Lufthansa touches down at London Heathrow at 8.45am. At 11am I arrive at Fen
Court in The City of London. A sculpture inscribed with The Gilt of Cain, my poem, awaits its unveiling at 11am.
Bishop Desmond Tutu with his trademark smile and open arms floats in with his son Mthunzi Gxashe. The heavens open their arms too and as rain falls down umbrellas flip up. Speeches are delivered and as the Bishop unveils the plaque the rain simply stops.
I step upon the podium and read the poem The Gilt of Cain. It shall be here in The City of London for an hundred years or more, to commemorate the abolition of The Slave Trade Act by William Wilberforce. David Mcalmont sings Amazing Grace and as he did it was magical to watch the secret opening windows of the office blocks that surround the square. The writer of that great song was once a preacher at the church which was built on this ground.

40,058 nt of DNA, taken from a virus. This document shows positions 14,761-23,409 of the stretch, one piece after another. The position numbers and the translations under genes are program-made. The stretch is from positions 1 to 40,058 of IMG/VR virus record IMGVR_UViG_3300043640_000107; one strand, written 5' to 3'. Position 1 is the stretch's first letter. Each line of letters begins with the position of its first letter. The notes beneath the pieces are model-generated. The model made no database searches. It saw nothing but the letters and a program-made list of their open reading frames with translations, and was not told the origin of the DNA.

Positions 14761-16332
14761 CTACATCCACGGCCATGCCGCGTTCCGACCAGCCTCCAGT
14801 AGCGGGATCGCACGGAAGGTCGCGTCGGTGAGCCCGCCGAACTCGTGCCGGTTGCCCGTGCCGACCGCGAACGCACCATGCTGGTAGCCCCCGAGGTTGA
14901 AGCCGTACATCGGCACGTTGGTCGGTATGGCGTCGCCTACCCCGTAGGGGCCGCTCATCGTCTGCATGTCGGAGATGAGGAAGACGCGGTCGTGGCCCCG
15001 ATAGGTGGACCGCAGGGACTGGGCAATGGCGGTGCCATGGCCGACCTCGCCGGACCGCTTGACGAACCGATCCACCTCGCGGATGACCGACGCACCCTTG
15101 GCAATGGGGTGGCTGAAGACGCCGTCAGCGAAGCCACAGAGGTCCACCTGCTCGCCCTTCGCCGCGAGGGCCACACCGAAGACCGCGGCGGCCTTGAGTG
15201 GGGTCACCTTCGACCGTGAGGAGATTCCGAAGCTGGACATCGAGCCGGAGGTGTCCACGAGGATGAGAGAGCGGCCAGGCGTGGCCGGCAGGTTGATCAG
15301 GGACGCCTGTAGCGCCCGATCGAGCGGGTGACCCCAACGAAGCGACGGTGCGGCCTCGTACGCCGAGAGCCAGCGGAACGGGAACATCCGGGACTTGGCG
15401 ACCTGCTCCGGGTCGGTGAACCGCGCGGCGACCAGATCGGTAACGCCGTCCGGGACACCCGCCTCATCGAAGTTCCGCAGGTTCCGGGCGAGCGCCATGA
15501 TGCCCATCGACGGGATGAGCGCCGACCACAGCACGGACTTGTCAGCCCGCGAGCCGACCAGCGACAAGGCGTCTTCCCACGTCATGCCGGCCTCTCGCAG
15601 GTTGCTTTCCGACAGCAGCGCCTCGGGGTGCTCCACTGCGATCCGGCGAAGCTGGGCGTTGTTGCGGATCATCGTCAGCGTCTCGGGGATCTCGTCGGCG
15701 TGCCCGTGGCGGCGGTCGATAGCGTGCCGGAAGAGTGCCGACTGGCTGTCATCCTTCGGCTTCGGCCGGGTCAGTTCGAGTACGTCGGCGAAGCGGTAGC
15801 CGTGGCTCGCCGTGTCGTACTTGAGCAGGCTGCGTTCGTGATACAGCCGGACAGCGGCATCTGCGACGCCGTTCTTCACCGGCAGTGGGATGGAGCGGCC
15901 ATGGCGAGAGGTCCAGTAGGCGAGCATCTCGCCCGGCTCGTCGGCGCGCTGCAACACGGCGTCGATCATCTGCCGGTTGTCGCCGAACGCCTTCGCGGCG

As the event ends the Bishop leaves and I get into a taxi home with the journalist, were a package awaits. It is the final copy of my book Listener. It’s good to be home.